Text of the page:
US Healthcare Overhaul: Five Lessons from Abroad

By Marks, Alexandra | The Christian Science Monitor, October 14, 2009 | Go to article overview

US Healthcare Overhaul: Five Lessons from Abroad


Marks, Alexandra, The Christian Science Monitor


In Singapore, hospitals publish the cost of every treatment, from hip replacement to dengue fever, so consumers can choose medical options as if they're buying jeans.

In Germany, people suffering from fatigue or back pain can get a three-week stay at a "wellness" retreat in the mountains - all paid for by health insurance.

In Taiwan, people who go to the hospital swipe a card that gives doctors their basic medical information - one reason the country has among the lowest healthcare administrative costs in the world.

Around the globe, many nations have innovative or unusual programs in their quest to provide the best healthcare for their citizens. Sometimes the programs work well. In other cases, they could use an MRI themselves.

As the United States grapples with the largest potential reform of the healthcare system in modern history, experts here have been scouring the world for lessons from other countries. One conclusion seems clear: No one has a flawless system.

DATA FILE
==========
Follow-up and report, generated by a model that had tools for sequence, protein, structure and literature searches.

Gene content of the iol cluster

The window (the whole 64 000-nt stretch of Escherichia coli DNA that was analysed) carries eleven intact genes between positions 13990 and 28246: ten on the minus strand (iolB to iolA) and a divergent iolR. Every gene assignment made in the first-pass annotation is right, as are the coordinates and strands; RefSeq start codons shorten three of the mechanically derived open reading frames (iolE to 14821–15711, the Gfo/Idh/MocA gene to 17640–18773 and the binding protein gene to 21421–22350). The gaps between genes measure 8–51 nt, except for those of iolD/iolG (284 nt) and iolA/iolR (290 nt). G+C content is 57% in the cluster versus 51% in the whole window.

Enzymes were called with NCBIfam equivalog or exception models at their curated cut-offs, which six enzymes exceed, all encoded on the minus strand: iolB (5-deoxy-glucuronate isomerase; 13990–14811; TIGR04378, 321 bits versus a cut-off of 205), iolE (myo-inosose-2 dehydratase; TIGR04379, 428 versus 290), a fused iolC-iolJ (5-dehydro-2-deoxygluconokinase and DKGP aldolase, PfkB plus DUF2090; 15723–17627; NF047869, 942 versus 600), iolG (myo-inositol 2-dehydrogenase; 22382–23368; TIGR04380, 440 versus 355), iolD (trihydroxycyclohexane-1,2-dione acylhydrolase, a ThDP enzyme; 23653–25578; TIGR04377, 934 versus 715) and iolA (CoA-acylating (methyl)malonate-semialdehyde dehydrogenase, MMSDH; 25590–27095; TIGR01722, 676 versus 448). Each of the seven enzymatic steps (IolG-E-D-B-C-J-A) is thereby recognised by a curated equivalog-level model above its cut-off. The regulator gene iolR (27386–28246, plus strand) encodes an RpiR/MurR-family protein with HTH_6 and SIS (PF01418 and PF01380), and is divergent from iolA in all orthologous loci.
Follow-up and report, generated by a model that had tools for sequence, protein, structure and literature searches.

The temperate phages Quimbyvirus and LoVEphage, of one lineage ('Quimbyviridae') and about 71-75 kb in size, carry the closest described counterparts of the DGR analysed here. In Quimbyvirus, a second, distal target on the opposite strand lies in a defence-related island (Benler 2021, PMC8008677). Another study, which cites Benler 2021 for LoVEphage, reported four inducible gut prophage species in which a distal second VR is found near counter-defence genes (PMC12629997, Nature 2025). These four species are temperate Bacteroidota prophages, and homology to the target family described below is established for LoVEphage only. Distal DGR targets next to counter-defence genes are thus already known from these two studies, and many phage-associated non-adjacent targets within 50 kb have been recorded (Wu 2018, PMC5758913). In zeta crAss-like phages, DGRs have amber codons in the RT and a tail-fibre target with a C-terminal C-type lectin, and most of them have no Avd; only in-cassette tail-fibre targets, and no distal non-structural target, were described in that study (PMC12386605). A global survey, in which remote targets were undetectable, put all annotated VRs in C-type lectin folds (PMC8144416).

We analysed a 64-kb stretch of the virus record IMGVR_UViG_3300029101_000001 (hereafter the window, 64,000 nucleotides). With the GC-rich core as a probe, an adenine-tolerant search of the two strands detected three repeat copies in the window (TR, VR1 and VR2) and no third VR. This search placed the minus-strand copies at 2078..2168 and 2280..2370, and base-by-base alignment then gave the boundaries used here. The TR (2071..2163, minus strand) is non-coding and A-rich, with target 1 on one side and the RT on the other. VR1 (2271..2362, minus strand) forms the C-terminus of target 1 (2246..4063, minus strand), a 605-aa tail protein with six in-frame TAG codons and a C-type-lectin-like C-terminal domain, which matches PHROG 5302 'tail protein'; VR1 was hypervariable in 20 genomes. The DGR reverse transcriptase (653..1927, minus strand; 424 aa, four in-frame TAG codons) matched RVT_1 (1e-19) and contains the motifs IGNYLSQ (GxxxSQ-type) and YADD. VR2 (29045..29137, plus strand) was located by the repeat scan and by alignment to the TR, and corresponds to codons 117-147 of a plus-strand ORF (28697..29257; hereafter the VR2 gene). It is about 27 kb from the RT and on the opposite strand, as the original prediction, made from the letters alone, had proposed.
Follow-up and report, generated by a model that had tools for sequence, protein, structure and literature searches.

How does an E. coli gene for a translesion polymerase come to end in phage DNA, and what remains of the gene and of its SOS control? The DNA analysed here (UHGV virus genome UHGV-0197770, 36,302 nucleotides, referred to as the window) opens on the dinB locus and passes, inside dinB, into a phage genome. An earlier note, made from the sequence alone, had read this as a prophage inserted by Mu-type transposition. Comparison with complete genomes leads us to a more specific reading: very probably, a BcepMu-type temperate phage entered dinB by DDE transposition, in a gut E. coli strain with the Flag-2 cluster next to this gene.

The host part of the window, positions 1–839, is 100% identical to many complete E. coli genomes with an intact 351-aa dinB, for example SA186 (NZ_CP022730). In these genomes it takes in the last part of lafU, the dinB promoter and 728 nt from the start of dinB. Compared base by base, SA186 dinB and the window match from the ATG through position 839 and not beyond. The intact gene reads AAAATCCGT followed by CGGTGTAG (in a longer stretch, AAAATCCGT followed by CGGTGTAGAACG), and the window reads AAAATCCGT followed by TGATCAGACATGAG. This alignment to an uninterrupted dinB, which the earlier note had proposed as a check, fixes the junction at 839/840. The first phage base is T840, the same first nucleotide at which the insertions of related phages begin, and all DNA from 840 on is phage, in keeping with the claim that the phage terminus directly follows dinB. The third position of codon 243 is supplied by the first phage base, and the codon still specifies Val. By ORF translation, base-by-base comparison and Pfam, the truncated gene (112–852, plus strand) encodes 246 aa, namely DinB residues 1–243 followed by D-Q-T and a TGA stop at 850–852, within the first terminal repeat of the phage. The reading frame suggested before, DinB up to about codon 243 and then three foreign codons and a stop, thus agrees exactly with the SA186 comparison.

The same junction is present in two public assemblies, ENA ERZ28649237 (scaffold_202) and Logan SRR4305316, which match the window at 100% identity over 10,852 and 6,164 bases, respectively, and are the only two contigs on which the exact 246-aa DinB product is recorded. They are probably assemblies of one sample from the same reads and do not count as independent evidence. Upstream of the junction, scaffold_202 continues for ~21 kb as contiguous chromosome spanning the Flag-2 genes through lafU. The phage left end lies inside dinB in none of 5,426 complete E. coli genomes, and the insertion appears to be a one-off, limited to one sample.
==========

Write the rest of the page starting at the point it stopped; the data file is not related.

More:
Providing affordable medical care for citizens who want it is one of the most complex problems facing modern governments. Two fundamental forces - the rising cost of medical procedures and demographic changes that are leading more people through hospital doors - are spurring many governments, not just the US, to at least tinker with their systems.

Even so, it's also clear that the US faces singular challenges. Almost every country in the developed world ensures that all its citizens have access to some kind of care when they need or want it. The US is the exception.

Most countries also manage to provide that healthcare for about half the cost of the US and with better overall health outcomes, such as lower infant mortality rates, as well as with greater overall patient satisfaction.

"It's not likely that the US will adopt another country's healthcare system," says Karen Davis, president of the Commonwealth Fund, a nonprofit research foundation that focuses on healthcare. "But it's important to look at some of the innovative things other countries are doing - we spend more than twice what other [major industrialized] countries do and are the only one that doesn't provide universal coverage."

Still, no cookie-cutter solution to the problem exists, either here or anywhere else. …

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